Here We Shall Begin

by Kendra Patterson (United States of America)

Making a local connection Guatemala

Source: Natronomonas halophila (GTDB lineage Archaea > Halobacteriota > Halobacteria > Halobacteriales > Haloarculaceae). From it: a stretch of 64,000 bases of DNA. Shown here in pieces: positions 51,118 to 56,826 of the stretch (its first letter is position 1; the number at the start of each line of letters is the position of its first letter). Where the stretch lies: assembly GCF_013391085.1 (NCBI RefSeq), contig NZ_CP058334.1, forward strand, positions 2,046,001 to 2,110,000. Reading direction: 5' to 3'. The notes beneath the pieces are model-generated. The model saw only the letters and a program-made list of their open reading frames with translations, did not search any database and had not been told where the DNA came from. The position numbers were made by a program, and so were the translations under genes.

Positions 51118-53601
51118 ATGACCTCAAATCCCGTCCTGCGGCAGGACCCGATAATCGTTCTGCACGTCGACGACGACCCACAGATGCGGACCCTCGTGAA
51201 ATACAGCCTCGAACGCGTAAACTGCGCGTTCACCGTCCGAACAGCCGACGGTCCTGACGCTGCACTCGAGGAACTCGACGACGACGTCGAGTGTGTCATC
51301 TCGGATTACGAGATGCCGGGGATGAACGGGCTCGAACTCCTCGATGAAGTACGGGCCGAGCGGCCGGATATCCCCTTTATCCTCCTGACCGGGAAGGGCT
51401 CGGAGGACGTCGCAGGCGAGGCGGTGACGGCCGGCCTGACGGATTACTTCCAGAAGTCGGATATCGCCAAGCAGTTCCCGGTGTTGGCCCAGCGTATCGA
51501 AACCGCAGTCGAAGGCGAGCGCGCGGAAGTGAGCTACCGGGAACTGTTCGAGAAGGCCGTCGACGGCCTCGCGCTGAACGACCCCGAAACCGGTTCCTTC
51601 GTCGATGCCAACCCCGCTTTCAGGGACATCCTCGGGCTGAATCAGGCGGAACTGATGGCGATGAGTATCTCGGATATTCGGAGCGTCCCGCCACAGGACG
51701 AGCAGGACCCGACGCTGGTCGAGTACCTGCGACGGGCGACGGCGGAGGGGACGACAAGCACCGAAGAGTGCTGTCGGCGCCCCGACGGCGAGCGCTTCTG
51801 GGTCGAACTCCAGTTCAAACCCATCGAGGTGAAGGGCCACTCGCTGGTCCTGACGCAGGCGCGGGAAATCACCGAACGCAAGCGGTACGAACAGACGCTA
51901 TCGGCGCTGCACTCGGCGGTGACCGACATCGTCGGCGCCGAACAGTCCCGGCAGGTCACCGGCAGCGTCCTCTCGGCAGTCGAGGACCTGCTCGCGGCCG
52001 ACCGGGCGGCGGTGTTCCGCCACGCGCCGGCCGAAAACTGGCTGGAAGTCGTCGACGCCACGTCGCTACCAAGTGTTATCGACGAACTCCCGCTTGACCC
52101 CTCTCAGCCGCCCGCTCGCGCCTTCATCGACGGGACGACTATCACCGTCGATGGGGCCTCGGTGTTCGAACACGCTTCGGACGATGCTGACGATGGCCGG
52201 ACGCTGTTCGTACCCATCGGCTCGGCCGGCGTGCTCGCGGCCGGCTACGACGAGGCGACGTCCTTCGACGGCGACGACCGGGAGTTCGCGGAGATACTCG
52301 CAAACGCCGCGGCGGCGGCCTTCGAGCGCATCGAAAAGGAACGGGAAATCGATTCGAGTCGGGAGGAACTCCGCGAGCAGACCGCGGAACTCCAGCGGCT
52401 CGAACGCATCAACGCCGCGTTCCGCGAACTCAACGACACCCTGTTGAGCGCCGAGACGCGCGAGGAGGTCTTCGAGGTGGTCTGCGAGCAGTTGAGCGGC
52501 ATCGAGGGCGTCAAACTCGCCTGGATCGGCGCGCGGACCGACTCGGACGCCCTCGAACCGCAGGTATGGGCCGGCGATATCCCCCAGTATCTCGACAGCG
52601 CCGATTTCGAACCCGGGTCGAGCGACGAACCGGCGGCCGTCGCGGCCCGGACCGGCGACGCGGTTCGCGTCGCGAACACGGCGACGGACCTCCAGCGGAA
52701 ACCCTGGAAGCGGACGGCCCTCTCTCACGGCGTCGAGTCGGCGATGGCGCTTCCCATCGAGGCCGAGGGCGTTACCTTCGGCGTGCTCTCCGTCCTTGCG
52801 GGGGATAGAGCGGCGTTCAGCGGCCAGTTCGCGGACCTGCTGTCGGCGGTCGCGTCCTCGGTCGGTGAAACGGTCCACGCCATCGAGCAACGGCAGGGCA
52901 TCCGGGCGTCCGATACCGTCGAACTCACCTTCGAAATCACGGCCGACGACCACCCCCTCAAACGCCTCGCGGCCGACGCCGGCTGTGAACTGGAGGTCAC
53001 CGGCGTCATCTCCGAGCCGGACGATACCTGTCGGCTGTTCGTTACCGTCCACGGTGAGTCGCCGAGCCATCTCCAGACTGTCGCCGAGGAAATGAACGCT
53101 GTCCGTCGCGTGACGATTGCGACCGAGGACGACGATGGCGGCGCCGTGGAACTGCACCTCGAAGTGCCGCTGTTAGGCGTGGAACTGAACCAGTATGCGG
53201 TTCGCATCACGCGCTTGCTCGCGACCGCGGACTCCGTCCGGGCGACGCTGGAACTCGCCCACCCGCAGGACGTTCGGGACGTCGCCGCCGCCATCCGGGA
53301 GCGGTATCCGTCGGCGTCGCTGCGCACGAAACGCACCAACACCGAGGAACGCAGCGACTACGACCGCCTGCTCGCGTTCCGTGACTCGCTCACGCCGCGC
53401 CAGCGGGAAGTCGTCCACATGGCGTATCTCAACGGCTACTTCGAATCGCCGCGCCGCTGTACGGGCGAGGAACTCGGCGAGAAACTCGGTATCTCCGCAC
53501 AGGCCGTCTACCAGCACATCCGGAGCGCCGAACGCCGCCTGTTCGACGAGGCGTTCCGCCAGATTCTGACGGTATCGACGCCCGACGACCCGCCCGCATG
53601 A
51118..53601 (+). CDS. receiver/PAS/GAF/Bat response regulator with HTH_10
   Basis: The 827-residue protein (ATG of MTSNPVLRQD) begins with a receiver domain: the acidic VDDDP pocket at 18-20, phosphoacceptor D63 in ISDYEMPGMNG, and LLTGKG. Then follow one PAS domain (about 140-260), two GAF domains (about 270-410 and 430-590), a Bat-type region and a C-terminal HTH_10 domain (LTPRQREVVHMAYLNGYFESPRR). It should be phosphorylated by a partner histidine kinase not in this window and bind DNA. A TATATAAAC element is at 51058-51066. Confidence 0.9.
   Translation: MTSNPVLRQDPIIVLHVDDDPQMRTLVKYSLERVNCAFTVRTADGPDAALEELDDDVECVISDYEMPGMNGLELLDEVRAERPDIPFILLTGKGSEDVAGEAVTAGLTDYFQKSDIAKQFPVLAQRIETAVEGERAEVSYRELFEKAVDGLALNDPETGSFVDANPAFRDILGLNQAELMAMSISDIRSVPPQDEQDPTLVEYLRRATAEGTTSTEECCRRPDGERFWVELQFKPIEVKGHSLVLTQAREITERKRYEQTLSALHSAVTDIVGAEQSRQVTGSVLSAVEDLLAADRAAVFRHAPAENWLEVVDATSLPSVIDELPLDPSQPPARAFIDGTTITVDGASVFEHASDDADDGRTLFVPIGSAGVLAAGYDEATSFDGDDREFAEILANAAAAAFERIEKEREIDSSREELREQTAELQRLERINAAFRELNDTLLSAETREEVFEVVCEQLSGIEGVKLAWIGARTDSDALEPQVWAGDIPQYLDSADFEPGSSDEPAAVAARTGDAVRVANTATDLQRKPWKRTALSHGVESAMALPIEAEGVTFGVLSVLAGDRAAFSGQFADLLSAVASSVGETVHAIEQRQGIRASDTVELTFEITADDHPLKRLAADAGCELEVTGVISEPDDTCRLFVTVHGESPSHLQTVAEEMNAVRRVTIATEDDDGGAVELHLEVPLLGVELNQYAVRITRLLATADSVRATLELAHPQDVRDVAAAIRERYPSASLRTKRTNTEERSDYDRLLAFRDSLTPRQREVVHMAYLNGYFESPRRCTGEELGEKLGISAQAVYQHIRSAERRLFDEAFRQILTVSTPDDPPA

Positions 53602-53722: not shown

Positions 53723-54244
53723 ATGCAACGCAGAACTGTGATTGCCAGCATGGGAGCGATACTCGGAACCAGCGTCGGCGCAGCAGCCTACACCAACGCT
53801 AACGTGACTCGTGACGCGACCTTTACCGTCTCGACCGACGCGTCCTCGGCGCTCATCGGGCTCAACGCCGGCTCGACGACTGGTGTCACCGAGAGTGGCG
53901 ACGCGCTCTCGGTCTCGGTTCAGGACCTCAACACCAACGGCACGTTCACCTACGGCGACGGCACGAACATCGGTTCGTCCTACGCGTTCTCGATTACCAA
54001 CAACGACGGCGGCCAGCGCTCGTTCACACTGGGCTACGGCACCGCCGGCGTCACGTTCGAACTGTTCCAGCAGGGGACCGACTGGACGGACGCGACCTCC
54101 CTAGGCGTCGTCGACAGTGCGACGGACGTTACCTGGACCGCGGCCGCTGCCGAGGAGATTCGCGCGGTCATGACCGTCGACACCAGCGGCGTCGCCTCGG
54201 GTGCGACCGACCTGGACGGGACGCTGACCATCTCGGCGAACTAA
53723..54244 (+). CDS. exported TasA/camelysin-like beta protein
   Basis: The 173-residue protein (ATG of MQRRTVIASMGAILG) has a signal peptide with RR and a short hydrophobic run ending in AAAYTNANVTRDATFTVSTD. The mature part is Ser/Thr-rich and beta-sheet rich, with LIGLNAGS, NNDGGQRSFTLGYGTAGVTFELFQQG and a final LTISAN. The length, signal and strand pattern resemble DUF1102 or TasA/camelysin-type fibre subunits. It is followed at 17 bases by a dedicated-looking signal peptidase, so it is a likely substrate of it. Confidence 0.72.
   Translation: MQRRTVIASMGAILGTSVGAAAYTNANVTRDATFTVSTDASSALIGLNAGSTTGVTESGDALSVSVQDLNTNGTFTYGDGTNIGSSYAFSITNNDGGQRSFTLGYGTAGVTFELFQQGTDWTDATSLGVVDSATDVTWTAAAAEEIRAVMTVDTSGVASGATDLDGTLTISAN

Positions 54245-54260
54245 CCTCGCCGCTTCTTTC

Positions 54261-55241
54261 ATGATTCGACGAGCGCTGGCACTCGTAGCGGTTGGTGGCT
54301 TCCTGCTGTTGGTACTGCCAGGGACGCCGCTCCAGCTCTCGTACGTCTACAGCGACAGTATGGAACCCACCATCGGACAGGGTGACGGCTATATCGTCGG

In Nila’s third-story, open-air kitchen, I fry spices in a pan with a wobbly handle while she squeezes tomatoes to a pulp in her hands. The mountains ringing Lake Atitlán throw green, brown and yellow onto the water. I see the same colors in Nila’s cortes, her traditional skirt, as if the mountains’ reflected light reaches even into our concrete-floored pavilion. Nila runs a weaving collective here in San Pedro La Laguna, in Guatemala, for single mothers like herself, and teaches Mayan cooking for extra income. She tells me that she left her husband after two years of marriage. Her mother said Nila was the family’s shame. This was the darkest time in Nila’s life. Nila says: “I could not see my way forward.” In the Mayan story of creation, the Popul Vuh, the gods cloud the vision of the first humans so that they will not become like the gods themselves, able to see and understand all. The gods obscured their sight as if breathing a mist onto the surface of a mirror. I know this blankness. These last few years I have been paralyzed in a dark fog, unable to act. When I tell people I’m taking a year off to travel, I sound like I know what I’m all about. In truth, I’m traveling because I don’t know what else to do. Right now though, I have this: We make tamales. We cup and fold banana leaves around cornmeal, tie them with a strip of agave leaf that has been softened over the flame of the gas stove. Later in the photos I take of Nila working, I will see that her hands blur. On the lake, two water taxis speed toward each other. They cross, separate, their foamy wakes sloshing together in the widening distance between them. Nila says: “I asked God–I am not trying to preach, it is just my experience–I asked for just one opportunity.” My eyes snap back to her face. She tells me how one day an American couple stopped her for directions in the street, and she answered back in English. They hired her to teach them Mayan cooking. They bought blankets she wove on her backstrap loom. Nila says: “I tell you my story because it’s important.” I have stars in my eyes. No one has given her permission to feel that way, to do anything she’s done. I breathe in, then out. My lips tingle. This is how life works. I leave carrying four tamales in a cloth tote. I think about how some people have eyes that keep trying to look farther. They look outside their house, their village, their country even. And eventually they are able to see.